1. DON’T DO ANYTHING TO RAISE A RED FLAG WITH THE CREDIT SCORING SYSTEM. This includes co-signing on a loan, changing your name or address with the bureaus, updating any creditor information. The less activity on your credit report during the loan process, the better.
2. DON’T APPLY FOR NEW CREDIT. We all see those “You have been pre-approved” invitations either in the mail or online, but just applying for new credit will bring a credit pull which will lower your credit score immediately, anywhere from 1 to 20 points.
3. DON’T PAYOFF COLLECTIONS OR OTHER ACCOUNTS WITHOUT TALKING TO YOUR LOAN OFFICER FIRST. Unless you are required to do so for the loan, don’t pay off any adverse credit. Doing so will lower your score immediately by making an old adverse account a recent one.
4. DON’T MAX OUT OR OVER-CHARGE YOUR CREDIT CARD ACCOUNTS. This is one of the fastest ways to drop your credit scores, by as much as 50-100 points. Ideally, your credit card balances should be around 30% of your available limit. When you charge your account higher than that percentage, your balance-to-limit ratio gets higher, and your score goes lower.
5. DON’T CONSOLIDATE DEBT. When you consolidate several cards by loading your debt onto just one or two cards, you are affecting your overall balance-to-ratio on all of them. You inhibit potential payment history on the zeroed accounts, and appear maxed-out on the others. See #4. If you want to save money on interest rates, wait until after closing.
6. DON’T CLOSE OUT ANY NEW CREDIT ACCOUNTS. Two Reasons. One, when you close accounts, you lose “available” credit, which affects your overall balance-to-limit ratio. Secondly, closing an account reduces your overall length of credit history, since it will effectively ignore the good credit history you’ve maintained on that account in regards to your score.
7. DON’T MAKE ANY LATE PAYMENTS. Stay current on all of your payments. Once your payment goes 30 days late, your score can drop 50-100 points, and that can takes months, if not years to recover from.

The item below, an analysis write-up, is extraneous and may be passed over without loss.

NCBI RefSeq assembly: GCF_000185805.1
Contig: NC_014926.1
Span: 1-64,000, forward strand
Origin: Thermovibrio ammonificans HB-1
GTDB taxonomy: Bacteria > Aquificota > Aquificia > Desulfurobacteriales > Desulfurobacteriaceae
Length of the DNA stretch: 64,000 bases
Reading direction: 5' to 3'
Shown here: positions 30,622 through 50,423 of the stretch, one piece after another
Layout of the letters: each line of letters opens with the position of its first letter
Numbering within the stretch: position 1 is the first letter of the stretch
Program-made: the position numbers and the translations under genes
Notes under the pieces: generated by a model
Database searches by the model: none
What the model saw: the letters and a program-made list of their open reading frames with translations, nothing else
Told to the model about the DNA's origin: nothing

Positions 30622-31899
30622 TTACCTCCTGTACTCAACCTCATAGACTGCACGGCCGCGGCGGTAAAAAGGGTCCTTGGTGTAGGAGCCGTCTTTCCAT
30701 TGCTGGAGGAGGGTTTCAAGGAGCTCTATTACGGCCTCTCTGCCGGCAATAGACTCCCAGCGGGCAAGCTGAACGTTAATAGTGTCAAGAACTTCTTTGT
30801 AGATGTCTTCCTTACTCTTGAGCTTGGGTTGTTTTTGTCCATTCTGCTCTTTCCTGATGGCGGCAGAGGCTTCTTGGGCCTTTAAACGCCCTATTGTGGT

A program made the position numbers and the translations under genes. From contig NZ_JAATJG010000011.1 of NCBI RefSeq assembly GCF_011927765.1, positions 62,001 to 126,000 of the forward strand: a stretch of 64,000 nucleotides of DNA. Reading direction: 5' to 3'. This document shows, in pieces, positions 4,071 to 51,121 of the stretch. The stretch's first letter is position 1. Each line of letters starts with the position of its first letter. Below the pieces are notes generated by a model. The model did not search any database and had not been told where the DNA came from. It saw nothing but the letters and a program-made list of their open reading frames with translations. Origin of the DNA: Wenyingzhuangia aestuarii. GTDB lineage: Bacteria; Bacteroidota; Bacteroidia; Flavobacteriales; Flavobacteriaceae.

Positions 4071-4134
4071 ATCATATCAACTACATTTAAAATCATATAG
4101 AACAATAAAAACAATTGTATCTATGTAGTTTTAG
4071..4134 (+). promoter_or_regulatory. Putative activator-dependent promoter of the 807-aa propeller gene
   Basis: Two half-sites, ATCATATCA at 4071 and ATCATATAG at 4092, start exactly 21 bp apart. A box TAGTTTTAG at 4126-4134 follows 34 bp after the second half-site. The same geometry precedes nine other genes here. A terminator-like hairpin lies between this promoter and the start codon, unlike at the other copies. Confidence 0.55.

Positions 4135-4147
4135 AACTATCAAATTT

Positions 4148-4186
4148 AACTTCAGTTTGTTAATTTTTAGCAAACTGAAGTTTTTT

8. DON’T LET ANY ACCOUNTS GO PAST DUE – NOT EVEN 1 DAY! Most of your credit cards allow a grace period, but what the don’t tell you is that once your due date passes, they will show your account is past due, even during that grace period. Past due balances can lower your score by up to 50 points.
9. DON’T DISPUTE ANYTHING ON YOUR CREDIT REPORT. Accounts that are listed as under dispute on your credit report are hidden from the credit scoring mechanism, resulting in a false score. When an underwriter sees a disputed account, they will require the dispute removed and a new report to be pulled.
10. DON’T INCREASE YOUR DEBT LOAD. Any new debt will affect your loan application, by increasing your debt-to-income ratio, and could affect your loan approval. Don’t charge new furniture or appliances until after closing.
Go to www.outputprescreen.com at least 48 hours before you apply for your loan!
On June 1, 2010, Fannie Mae implemented a new rule which requires a supplemental credit report to be pulled right before closing to make sure the borrower’s credit situation has not changed since the initial application. Any new inquiries or new debt will need to be explained and considered, whether or not a loan commitment has already been issues.
Special Thanks to Katie Karr, Senior Loan Officer, Bank Star, 22 Years Experience, NMLS#263796 firstname.lastname@example.org
Contact The Schrimpf-Gum Team with Prudential Lake Ozark Realty for your buying and selling real estate needs. Call: 888-366-6266 Email: Info@DemandDonna.com. Also Search the MLS at Donna.PruLakeOzarkRealEstate.com